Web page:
Alexandria's founded by Alexander

Alexandria's founded by Alexander the Great (by year BC): 334 Alexandria in Troia (Turkey) - 333 Alexandria at Issus/Alexandrette (Iskenderun, Turkey) - 332 Alexandria of Caria/by the Latmos (Alinda, Turkey) - 331 Alexandria Mygdoniae - 331 Alexandria (Egypt) - 330 Alexandria in Areia (Herat, Afghanistan) - 330 Alexandria of the Prophthasia/in Drangiana/Phrada (Farah, Afghanistan) - 330 Alexandria in Arachosia (Kandahar, Afghanistan) - 330 Alexandria in Caucasus (Begram, Afghanistan) - 329 Alexandria of the Paropanisades (Ghazni, Afghanistan) - 329 Alexandria Eschate or Ultima (Khodjend, Tajikistan) - 329 Alexandria on the Oxus (Ai-Khanoum OR Termez, Afghanistan) - 328 Alexandria in Margiana (Merv, Turkmenistan) - 326 Alexandria Nicaea (on the Hydaspes, India) - 326 Alexandria Bucephala (on the Hydaspes, India) - 325 Alexandria Sogdia - 325 Alexandria Rambacia (Bela, Pakistan) - 325 Alexandria Oreitide - 325 Alexandria in Opiene (confluence of Indus & Acesines, India) - 325 Alexandria on the Indus - 325 Alexandria Xylinepolis (Patala, India) - 325 Alexandria in Carminia (Gulashkird, Iran) - 324 Alexandria-on-the-Tigris/Antiochia-in-Susiana/Charax (Spasinou Charax on the Tigris, Iraq) - ?Alexandria of Carmahle? (Kahnu)

Monday, April 21, 2014

Alexander’s army crossing Mount Climax

“Alexander now left Phaselis. Part of his forces he dispatched over the mountains towards Perga, along tracks made for him by the Thracians to facilitate what was otherwise a long and difficult journey. He himself marched with picked troops along the coast, a route which is practicable only in northerly winds – during southerlies the beach is impassable. It had been blowing hard from the south before he started; but (by the grace of God, as both he and his staff felt) the wind went round into the north and made the passage quick and easy.”  This is what Arrian tells us. Plutarch, however, only mentions a “heaven-sent stroke of fortune”.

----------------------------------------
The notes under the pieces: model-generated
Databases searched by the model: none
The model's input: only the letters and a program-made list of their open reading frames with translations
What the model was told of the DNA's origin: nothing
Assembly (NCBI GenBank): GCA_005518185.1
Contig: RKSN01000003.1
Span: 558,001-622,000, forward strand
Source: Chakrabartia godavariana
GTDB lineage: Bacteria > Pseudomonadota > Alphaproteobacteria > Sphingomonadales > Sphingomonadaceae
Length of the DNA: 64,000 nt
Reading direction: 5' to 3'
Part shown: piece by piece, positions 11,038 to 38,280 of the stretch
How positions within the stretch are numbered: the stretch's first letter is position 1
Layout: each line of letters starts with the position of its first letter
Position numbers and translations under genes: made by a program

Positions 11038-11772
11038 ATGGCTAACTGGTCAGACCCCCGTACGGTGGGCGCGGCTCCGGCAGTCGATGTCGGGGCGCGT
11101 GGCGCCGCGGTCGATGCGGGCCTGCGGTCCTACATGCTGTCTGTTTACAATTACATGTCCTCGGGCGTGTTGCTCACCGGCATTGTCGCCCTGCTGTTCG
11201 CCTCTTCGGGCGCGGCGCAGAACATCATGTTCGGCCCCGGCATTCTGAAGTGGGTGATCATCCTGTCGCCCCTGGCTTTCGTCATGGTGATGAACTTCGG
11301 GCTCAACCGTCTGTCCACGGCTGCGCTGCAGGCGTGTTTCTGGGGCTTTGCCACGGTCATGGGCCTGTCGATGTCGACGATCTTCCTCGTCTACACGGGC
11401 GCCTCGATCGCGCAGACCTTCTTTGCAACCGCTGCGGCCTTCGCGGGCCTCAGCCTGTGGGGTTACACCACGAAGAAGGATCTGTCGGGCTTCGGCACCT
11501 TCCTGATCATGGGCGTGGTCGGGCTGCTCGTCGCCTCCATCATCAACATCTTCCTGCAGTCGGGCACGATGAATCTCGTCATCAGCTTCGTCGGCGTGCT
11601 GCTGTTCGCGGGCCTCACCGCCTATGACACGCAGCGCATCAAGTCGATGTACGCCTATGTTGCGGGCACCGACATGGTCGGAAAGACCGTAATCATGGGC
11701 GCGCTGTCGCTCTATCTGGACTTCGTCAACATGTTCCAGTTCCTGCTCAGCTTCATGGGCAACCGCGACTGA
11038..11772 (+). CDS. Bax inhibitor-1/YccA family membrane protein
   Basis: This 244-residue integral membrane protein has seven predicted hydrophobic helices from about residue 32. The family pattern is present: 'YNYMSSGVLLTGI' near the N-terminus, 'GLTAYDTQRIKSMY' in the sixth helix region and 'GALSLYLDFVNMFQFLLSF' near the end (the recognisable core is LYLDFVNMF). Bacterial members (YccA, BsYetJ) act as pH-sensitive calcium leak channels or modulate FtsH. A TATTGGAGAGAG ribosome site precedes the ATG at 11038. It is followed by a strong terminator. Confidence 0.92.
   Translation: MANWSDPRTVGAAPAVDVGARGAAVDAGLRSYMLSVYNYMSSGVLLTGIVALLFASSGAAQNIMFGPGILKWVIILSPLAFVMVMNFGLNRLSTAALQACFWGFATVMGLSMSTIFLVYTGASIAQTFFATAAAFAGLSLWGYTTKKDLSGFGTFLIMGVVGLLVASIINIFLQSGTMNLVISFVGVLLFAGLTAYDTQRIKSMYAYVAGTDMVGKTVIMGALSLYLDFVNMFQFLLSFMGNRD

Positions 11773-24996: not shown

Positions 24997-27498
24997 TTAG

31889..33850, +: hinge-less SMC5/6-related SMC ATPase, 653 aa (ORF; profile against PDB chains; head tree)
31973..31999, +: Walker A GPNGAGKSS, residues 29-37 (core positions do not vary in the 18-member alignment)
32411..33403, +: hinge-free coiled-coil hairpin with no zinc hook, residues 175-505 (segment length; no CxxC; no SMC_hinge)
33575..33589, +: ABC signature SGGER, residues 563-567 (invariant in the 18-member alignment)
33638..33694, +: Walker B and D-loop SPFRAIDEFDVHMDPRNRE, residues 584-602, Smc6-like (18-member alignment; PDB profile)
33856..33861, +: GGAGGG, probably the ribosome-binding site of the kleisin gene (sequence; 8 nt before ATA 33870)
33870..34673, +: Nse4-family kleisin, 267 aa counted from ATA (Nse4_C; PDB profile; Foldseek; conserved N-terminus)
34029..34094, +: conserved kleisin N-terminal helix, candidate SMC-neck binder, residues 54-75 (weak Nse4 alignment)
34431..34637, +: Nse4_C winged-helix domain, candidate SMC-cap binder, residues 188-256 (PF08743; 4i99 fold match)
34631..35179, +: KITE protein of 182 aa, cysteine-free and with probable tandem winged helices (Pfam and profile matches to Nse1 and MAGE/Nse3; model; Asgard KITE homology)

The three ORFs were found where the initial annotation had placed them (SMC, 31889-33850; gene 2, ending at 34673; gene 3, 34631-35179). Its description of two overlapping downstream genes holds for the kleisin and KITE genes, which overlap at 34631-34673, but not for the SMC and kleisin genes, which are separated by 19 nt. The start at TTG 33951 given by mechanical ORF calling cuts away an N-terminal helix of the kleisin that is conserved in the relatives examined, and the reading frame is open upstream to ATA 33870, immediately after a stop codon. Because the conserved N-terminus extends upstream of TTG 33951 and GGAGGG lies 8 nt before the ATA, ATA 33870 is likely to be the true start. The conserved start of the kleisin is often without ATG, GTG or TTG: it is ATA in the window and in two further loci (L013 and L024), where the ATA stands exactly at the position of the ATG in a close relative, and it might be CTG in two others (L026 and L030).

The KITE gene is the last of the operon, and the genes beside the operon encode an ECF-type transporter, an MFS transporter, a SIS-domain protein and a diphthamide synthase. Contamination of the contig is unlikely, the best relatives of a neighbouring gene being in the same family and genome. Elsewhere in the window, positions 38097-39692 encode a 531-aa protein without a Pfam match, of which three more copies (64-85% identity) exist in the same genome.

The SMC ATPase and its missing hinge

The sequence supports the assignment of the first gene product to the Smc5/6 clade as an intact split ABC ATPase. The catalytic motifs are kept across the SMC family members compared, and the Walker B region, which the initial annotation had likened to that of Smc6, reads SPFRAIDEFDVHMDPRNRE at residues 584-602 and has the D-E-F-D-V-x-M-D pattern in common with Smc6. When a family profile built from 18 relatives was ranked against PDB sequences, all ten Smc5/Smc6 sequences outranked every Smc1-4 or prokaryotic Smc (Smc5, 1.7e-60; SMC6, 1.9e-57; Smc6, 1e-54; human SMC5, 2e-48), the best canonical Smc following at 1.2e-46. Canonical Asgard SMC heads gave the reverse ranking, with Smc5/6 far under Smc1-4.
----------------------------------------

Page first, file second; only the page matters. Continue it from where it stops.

Well, whatever the case, I have been on the lookout for this mountain path taken by the bulk of Alexander’s army. The coastal road north from Phaselis to today’s Antalya is winding around the flanks of the mountains offering very few openings to the hinterland. Each year more and more tunnels are being built for the comfort of the many tourists driving west from Antalya to the many resorts and hotels that fill the narrow stretch of land at the foot of Tahtali Mountains. Somehow I had the feeling that if I looked close enough I would spot the army’s access road. 

Freya Stark (see: Alexander’s Path) did an excellent job crisscrossing these mountains over and over, exploring every single pass till she found a plausible route Alexander's army could have followed through eastern Lycia during the winter of 334/333 BC. She carefully studied all the possibilities and found his tracks all the way to Phaselis. From here, to reach Perge, Alexander chose the shorter passage along the seashore that turned out to be as difficult had not the winds and the gods played in his favor. Most of the army, however, as told by Arrian marched over the Tahtali Mountains following the tracks cleared by the Thracian engineers. 

This is fascinating territory as far as I’m concerned as for centuries the Tahtali Mountains served as separation-line where Greece occupancy ended and Persian rule started. The highest snow-capped peak was obviously claimed by the Greeks and appropriately named Mount Olympos – what else? With its 2,366 meters it is also known as Mount Climax and it still commands the scenery. 

One day in early January, I find myself at the embouchure of a half-dried up Kesme River looking inland at the ever changing moods of these mountains. The way upstream is lost behind a modern bridge at a tiny village with a minaret pointing to the mosque at the foot of the abrupt rising rock-wall. In the ever changing light I even discover odd rounded rocky knobs rising straight up from the valley floor. They remind me of the sugarloaf mountains around Rio de Janeiro. That is where Lycia begins. Clouds throw threatening shadows over the landscape giving the sun a chance to highlight details otherwise shrouded in the low hanging clouds or blending in with the overall view. 

Standing here on the banks of the river mirroring the mysterious snow-capped giants, my thoughts drift off to Alexander who had to march his troops over this rough chain of mountains while he himself would be wading through the water somewhere further north from here. The gods are said to have bowed to him, nothing less. I have seen that very shore from the gulet sailing from Phaselis to Antalya, and that left a deep impression as I in turn bowed to Alexander’s courage and determination!

It was nothing more than a gut-feeling that I thought this was the place where the Macedonians started their perilous climb, but afterwards I learnt I was right. I should have gone upstream to investigate the possible roads and paths for myself. The end of the Kesme Valley is still luring - maybe I’ll drive up there one day soon!

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